"Bird Watching in Texas"
Tips on watching birds throughout the Lone Star state

With three-fourths of all American birds represented in Texas, there are birds for the watching anytime, anywhere in the state. No other state offers the birding variety (or challenge) that Texas does.

In fact, Roger Tory Peterson devotes an entire volume just to this state. A Field Guide to the Birds of Texas, available at virtually any bookstore. Varied vegetation, altitudes from sea level to over 8,000 feet, rainfall from less than 10 inches annually to more than 55 inches, and a strategic position on the North American continent, combine to provide Texas' diversity of avian habitats. In addition, Texas' resident bird population is augmented by multitudes of migrating species.


Refuges offer exceptional viewing of both rare specimens and large concentrations of familiar species.

The 624-mile Texas coastline teems with shorebirds -- gulls, pelicans, egrets and roseate spoonbills, plus the world's few remaining whooping cranes that winter at the Aransas National Wildlife Refuge.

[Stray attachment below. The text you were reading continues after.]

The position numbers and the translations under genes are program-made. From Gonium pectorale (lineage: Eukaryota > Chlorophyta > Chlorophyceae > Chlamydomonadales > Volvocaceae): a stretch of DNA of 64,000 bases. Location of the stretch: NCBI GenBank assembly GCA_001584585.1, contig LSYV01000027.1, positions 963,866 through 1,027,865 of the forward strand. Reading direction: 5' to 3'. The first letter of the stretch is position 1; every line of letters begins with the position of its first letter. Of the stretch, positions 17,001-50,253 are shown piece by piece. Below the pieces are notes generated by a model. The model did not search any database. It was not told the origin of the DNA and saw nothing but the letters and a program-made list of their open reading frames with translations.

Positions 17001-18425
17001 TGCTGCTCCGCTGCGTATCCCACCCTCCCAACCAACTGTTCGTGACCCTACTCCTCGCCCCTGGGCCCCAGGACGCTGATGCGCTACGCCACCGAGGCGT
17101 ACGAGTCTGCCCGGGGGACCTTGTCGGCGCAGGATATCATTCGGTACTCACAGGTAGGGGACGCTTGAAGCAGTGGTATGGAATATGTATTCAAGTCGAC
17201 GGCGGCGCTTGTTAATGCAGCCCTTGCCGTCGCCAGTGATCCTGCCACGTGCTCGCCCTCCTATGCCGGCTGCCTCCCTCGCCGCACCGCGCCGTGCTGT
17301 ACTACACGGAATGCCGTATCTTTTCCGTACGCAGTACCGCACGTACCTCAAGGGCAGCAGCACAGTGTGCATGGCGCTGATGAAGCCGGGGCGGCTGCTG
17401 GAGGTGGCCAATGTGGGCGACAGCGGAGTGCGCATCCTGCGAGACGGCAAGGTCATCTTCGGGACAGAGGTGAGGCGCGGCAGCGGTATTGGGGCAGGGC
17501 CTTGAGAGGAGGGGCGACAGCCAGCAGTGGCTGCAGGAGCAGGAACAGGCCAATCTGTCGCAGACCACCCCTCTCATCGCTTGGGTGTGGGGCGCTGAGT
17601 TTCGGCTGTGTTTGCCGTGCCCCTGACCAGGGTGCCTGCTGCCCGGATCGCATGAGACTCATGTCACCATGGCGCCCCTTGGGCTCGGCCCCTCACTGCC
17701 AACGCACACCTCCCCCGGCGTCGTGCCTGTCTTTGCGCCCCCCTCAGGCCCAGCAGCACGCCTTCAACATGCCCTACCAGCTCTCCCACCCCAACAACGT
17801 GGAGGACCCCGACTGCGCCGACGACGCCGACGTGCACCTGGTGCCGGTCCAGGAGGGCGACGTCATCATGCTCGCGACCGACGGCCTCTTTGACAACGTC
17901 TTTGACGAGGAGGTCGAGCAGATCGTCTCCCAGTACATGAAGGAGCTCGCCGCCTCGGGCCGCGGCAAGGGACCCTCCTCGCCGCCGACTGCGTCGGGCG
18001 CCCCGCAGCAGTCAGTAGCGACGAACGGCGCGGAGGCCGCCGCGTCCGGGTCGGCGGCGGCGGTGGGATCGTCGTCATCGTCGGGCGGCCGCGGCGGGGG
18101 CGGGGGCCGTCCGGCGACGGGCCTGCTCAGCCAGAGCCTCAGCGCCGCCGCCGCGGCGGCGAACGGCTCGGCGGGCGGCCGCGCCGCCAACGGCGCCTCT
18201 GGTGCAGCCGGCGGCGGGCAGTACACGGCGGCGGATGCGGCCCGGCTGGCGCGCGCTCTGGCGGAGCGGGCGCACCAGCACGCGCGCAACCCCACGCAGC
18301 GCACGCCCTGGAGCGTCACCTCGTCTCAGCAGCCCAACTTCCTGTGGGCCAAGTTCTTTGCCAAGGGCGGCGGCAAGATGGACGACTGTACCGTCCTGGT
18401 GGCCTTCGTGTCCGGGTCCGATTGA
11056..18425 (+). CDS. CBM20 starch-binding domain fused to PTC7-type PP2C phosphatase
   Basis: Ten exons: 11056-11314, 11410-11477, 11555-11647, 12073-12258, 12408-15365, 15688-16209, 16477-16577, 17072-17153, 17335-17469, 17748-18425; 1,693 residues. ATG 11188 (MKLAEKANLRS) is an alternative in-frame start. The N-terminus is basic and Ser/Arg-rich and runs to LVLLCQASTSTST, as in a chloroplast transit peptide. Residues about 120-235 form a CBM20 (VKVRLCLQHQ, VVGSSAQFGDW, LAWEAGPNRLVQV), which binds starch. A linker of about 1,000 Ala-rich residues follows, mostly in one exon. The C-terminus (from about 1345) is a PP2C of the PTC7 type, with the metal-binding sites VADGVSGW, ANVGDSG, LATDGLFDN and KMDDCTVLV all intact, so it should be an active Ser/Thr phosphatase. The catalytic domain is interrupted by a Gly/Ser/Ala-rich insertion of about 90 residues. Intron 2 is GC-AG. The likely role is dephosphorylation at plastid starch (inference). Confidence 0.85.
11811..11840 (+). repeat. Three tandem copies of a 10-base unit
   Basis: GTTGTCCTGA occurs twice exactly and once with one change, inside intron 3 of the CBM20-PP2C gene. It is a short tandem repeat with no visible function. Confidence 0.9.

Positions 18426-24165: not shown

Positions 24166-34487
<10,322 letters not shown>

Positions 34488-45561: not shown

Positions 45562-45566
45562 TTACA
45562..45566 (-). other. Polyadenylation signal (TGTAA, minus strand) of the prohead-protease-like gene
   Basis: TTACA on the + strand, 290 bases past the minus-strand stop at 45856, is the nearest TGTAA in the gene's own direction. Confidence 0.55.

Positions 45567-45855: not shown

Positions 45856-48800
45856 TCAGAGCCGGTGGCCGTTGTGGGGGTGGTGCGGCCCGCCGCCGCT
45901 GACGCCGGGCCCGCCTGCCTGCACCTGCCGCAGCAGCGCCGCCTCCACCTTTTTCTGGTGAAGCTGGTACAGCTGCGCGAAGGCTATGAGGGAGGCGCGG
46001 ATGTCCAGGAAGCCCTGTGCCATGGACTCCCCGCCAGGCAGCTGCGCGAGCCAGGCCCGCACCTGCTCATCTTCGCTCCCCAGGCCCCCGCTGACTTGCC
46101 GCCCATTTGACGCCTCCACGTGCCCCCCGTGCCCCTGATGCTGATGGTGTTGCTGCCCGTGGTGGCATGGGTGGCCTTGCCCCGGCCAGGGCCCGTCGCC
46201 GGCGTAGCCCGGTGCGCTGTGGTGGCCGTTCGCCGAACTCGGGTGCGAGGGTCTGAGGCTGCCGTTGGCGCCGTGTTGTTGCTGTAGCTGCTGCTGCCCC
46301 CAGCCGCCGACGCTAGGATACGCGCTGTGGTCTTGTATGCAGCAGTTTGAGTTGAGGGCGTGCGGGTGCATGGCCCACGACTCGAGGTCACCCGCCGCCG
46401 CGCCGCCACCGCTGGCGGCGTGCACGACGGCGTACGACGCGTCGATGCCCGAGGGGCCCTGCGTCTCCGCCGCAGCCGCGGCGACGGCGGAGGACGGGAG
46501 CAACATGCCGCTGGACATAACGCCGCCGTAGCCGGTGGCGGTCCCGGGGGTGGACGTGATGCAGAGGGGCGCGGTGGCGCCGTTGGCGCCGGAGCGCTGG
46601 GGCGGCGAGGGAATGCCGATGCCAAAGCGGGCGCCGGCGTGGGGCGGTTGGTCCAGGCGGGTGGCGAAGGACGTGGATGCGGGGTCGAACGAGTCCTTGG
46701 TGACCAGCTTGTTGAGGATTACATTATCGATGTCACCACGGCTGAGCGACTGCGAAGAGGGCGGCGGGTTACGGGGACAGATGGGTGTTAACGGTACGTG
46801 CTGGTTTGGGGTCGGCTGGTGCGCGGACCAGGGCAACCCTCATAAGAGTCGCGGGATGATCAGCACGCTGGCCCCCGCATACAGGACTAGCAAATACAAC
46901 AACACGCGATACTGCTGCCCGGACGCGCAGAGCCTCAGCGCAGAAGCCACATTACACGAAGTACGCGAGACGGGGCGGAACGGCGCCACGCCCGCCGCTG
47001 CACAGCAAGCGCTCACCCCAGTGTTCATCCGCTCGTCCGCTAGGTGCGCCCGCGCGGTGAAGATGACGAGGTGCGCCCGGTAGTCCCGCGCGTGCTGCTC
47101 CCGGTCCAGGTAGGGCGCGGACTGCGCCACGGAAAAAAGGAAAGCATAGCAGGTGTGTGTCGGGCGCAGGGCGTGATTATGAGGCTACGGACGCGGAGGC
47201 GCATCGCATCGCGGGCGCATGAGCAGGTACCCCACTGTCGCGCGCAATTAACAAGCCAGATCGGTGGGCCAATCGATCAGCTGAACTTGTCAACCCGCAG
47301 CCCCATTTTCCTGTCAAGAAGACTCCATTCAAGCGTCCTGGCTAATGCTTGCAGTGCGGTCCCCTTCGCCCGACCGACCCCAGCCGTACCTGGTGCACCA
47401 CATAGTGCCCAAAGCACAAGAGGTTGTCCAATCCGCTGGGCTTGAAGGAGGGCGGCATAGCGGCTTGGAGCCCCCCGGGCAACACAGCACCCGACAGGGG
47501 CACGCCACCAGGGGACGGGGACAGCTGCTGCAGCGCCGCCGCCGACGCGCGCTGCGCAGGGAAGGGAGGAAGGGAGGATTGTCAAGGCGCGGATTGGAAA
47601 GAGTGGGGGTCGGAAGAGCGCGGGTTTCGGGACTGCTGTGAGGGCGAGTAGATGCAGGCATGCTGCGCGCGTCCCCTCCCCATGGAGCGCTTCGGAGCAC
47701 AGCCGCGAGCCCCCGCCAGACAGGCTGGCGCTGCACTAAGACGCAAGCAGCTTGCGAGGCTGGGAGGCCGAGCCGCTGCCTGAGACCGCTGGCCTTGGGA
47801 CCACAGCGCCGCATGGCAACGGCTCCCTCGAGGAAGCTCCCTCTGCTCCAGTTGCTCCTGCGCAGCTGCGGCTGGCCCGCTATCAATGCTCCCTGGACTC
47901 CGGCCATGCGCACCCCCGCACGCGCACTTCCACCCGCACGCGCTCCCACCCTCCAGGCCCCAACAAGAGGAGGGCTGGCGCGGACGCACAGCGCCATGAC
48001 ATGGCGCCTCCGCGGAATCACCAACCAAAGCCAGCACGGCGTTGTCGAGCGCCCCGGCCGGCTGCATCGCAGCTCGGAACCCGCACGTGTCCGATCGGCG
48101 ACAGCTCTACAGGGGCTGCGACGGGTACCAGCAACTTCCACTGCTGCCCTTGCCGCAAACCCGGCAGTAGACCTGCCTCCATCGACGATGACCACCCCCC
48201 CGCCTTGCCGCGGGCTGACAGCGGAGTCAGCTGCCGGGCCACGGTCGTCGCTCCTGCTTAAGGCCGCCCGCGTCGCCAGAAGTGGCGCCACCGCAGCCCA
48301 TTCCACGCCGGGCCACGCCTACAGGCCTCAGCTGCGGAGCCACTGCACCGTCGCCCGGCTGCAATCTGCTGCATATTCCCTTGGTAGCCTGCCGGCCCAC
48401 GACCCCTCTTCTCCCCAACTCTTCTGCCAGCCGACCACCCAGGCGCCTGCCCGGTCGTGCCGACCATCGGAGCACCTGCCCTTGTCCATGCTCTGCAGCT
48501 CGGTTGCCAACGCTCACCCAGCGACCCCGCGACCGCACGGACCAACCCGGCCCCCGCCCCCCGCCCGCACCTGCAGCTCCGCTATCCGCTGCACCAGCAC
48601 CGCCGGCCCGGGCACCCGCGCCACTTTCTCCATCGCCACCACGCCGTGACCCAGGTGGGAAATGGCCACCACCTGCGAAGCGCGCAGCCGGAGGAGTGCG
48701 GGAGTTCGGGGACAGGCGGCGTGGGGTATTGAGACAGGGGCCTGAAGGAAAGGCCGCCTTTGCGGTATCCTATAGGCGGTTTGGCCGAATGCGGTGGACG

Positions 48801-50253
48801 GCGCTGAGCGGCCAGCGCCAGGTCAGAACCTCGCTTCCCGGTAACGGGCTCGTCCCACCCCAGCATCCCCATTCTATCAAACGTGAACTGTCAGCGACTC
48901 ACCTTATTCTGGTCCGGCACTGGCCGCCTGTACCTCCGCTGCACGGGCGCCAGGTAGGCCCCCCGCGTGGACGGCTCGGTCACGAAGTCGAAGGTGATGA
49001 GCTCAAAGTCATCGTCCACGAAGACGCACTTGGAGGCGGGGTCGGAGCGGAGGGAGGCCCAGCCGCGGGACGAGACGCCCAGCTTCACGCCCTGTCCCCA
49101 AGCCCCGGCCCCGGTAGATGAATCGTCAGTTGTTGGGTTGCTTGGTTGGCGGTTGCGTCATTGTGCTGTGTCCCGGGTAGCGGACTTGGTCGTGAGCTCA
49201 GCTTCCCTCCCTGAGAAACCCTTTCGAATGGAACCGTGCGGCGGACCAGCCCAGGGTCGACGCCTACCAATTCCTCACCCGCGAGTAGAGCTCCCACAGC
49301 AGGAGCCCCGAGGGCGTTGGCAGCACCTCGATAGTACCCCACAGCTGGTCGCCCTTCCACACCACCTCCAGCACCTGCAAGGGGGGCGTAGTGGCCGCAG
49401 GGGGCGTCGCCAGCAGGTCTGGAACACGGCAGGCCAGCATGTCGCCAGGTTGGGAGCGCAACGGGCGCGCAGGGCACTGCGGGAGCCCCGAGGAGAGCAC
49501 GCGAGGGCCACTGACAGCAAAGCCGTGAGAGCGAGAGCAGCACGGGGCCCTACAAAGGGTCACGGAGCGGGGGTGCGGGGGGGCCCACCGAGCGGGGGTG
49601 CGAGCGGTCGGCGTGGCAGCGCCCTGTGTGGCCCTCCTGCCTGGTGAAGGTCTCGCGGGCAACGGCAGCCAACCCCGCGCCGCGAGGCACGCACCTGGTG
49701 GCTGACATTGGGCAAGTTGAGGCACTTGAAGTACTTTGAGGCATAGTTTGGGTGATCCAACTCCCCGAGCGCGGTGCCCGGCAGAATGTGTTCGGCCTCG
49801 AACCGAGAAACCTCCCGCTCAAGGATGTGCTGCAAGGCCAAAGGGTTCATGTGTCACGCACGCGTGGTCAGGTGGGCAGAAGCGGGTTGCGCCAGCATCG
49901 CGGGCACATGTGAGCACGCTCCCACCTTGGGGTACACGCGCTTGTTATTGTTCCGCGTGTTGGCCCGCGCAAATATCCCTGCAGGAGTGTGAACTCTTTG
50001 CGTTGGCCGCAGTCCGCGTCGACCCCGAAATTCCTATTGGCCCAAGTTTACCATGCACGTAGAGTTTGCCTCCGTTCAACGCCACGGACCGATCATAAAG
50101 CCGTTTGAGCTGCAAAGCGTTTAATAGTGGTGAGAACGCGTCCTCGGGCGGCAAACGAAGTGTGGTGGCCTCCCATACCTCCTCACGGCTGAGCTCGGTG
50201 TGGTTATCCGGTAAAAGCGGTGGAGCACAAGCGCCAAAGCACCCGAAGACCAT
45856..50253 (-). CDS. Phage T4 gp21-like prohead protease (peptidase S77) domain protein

The lower Rio Grande Valley area hosts tropical birds, Inca and white-winged doves, and is the only place in the nation where such species as white-fronted doves, chachalacas, and green jays may be observed. Santa Ana National Wildlife Refuge is an ideal spot to add them to a life list.

The Texas Panhandle is home to horned larks, kites and prairie chickens. Lakes attract mallard, baldpate and pintail migrants. Muleshoe National Wildlife Refuge is haven for thousands of wintering sandhill cranes.

In West Texas, there are rare Colima warblers and eagles, canyon wrens, desert-dwelling flycatchers and tiny verdins.

The Hill Country hosts large flocks of wild turkeys, almost countless resident and migrant species, and is the nesting place of rate golden-cheeked warblers. More open terrain is habitat of fleet-footed roadrunners.

The East Texas pine forests are the home of several eastern species including the wood thrush, Acadian flycatcher and Kentucky warbler. A few swallow-tailed kites may live here with, perhaps, the once-thought-to-be extinct ivory-billed woodpeckers.

Birding in Texas can be a rewarding experience!

These articles have each been published previously.
All rights to the stories are protected under the original copyright.

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